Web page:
I was going to be a rock star, at least that’s what I’d planned. If you’d told the 19 year old me that later in life I’d be driving a VW estate with a roof box and holidaying on the Isle of Wight, I’d have told you that you don’t know me.
I’d had an adventurous childhood, one involving run ins with Police, a reputation with my brother at school (for the large scale pranks like locking the front gates with an industrial padlock) and some local fires requiring fire engines to put them out. I liked to be mischievous as long as people weren’t getting harmed. It felt natural for me to mature my rebelling to adulthood, and for me that meant rock stardom.
While in a band, the 2 songs that kick started any practice session were Rock n Roll star and Supersonic, both by Oasis. They are songs full of dreams, power, control and the feeling of being alive. Becoming a rock star was my ticket to all of them and on top of that I’d have continuous adventure and freedom along the way.
As a band, we’d recorded in a studio, done some gigs and had major fallings out, surely this meant we were headed for the big time?
Well, if only we’d focused more on practising and less on life style. Trying to live like a rock star doesn’t make you one.
I’d started to get advice from the pros, strangely all recommending the life of a rock star wasn’t for me. Conversations with bands like Blur and Manic Street Preachers ended in telling me it wasn’t my dream. I didn’t know famous people, I just wasn’t afraid to talk with them at gigs and bars. It turns out there’s one thing rock stars like more than groupies and that’s giving advice to wannabe rock stars over alcohol.
As a band we broke up, I wanted to experiment with different types of music, they didn’t, a common story. Other influences had introduced me to writing and poetry through movements like the beat generation. I was now writing my own stories and listening to the music of Bob Dylan & Tom Waits. I knew the rock star life wasn’t for me and if I was really honest, I wasn’t a good enough musician or songwriter anyway.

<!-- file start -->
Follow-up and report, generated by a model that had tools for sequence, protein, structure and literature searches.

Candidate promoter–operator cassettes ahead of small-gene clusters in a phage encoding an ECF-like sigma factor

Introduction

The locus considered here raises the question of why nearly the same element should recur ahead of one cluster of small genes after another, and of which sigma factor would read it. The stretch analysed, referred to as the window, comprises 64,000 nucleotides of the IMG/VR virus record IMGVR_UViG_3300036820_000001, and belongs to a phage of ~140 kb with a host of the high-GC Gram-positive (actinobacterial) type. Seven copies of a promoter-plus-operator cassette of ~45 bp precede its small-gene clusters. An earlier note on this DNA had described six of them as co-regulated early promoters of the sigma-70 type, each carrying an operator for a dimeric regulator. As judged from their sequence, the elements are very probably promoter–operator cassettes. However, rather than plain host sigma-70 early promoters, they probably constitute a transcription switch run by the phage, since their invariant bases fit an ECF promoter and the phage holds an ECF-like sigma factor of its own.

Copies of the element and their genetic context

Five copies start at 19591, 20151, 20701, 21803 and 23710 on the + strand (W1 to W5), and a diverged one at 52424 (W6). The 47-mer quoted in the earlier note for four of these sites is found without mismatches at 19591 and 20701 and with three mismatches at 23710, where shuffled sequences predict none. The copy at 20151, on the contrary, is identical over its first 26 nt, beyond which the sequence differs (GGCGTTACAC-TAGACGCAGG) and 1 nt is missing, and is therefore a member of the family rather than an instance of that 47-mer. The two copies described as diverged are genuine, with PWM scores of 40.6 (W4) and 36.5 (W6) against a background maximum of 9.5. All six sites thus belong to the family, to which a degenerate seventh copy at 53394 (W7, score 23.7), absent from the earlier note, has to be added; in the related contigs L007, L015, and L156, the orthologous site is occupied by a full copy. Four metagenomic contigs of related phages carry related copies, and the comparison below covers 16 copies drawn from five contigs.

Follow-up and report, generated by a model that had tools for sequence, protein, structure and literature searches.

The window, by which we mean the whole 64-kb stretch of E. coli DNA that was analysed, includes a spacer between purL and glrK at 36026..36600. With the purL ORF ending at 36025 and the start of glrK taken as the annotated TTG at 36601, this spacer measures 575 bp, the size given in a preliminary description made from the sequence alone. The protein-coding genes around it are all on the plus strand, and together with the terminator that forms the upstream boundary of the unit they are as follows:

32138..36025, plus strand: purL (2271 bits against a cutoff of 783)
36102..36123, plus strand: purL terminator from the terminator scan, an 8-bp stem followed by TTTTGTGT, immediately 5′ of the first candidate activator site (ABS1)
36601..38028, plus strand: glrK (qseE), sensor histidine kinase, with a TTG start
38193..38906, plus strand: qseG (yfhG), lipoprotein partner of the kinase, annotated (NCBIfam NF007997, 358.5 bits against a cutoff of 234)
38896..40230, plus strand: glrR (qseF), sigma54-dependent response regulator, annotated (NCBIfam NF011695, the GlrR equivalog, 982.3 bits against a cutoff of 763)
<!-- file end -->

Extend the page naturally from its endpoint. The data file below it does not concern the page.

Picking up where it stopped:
So how is this related to driving a VW estate and holidaying on the Isle of Wight? Well, if people I’d met for one night could see my dream of rock stardom wouldn’t make me happy (Manic Street Preachers sussed me out in 2 hours) then what actually was my dream?
It was pretty simple really, it includes the essential ingredient of feeling alive. Last year I went even further by defining a 10 year plan for a remarkable life, it helped me visualise and see where I would be 10 years from now.
I screw up often. Either by not being the best person I could be, or not realising how important something is for those I love. I’m not perfect, none of us are. The important thing for me has been the realisation that my dream isn’t a goal, it’s the actual journey. A journey involving continuous improvement, learning and doing to make the best impact on not just me, those around me too.
So yeah, on the outside I might appear to have the life my old geography school teacher had (he had wool jumpers and an estate car too). What’s cool is that it turns out he most likely had an awesome life.